Southwestern pond turtle shows signs of a comeback
Modern life has been tough on the southwestern pond turtles that once were populous in the coastal part of San Diego County.
Development ravaged the turtle's natural habitat. Then came the rise of invasive species that challenged the turtles for food or, with some species, liked to dine on the turtles.
The African clawed frog, red-eared slider and crayfish have been particularly mean to the turtles, who lived in pools within natural streams and sloughs.
In 2003 the U.S. Geological Survey's Western Ecological Research Center could find only 120 pond turtles in five locations in the San Diego region. Without help, the turtle was looking like a goner in the region.
For one thing, two-thirds of the females were huddled together in one location -- not a smart way to keep the population growing.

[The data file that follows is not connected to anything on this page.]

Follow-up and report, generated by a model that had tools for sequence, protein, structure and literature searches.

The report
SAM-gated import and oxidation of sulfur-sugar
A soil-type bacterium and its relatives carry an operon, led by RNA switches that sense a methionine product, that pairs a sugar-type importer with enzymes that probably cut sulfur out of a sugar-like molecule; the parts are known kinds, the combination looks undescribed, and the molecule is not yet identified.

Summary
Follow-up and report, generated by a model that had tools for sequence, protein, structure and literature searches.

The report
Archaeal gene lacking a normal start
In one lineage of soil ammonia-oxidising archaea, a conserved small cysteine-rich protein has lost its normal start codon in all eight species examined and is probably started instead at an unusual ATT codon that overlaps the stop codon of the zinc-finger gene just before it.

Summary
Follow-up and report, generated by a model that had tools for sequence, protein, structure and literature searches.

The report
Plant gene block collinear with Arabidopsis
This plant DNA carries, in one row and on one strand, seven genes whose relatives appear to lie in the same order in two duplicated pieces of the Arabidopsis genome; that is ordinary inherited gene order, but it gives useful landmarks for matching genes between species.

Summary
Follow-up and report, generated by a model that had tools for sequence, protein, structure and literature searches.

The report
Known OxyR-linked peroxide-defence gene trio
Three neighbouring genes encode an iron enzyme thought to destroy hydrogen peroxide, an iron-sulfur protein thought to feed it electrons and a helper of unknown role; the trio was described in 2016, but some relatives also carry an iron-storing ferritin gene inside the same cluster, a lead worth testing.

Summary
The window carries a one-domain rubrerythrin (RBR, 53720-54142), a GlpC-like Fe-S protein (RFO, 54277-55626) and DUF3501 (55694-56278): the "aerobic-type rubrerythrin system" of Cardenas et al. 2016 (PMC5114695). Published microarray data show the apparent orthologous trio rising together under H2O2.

In 2009 the USGS, the San Diego Zoo, the California Department of Fish and Game and the San Diego Assn. of Governments started a "save the turtles" program for the county.
Eggs would be hatched at the zoo and then young turtles relocated in the wild when they could avoid predation. Invasive species were removed.
The pond turtle still has a long way to go before it's out of danger.
But this week Thomas Owens, a senior keeper in the zoo's herpetology department, reported encouraging progress in a report to the annual Symposium on the Conservation and Biology of Tortoises and Freshwater Turtles in Orlando, Fla.
"Just last week, researchers saw new young pond turtles at the study site," Owens said.
Twelve pond turtles are on exhibit at the zoo's Elephant Odyssey and 10 at the Reptile House.
-- Tony Perry in San Diego
Photo: A southwestern pond turtle being raised at the San Diego Zoo is checked by a keeper. Credit: Ken Bohn / San Diego Zoo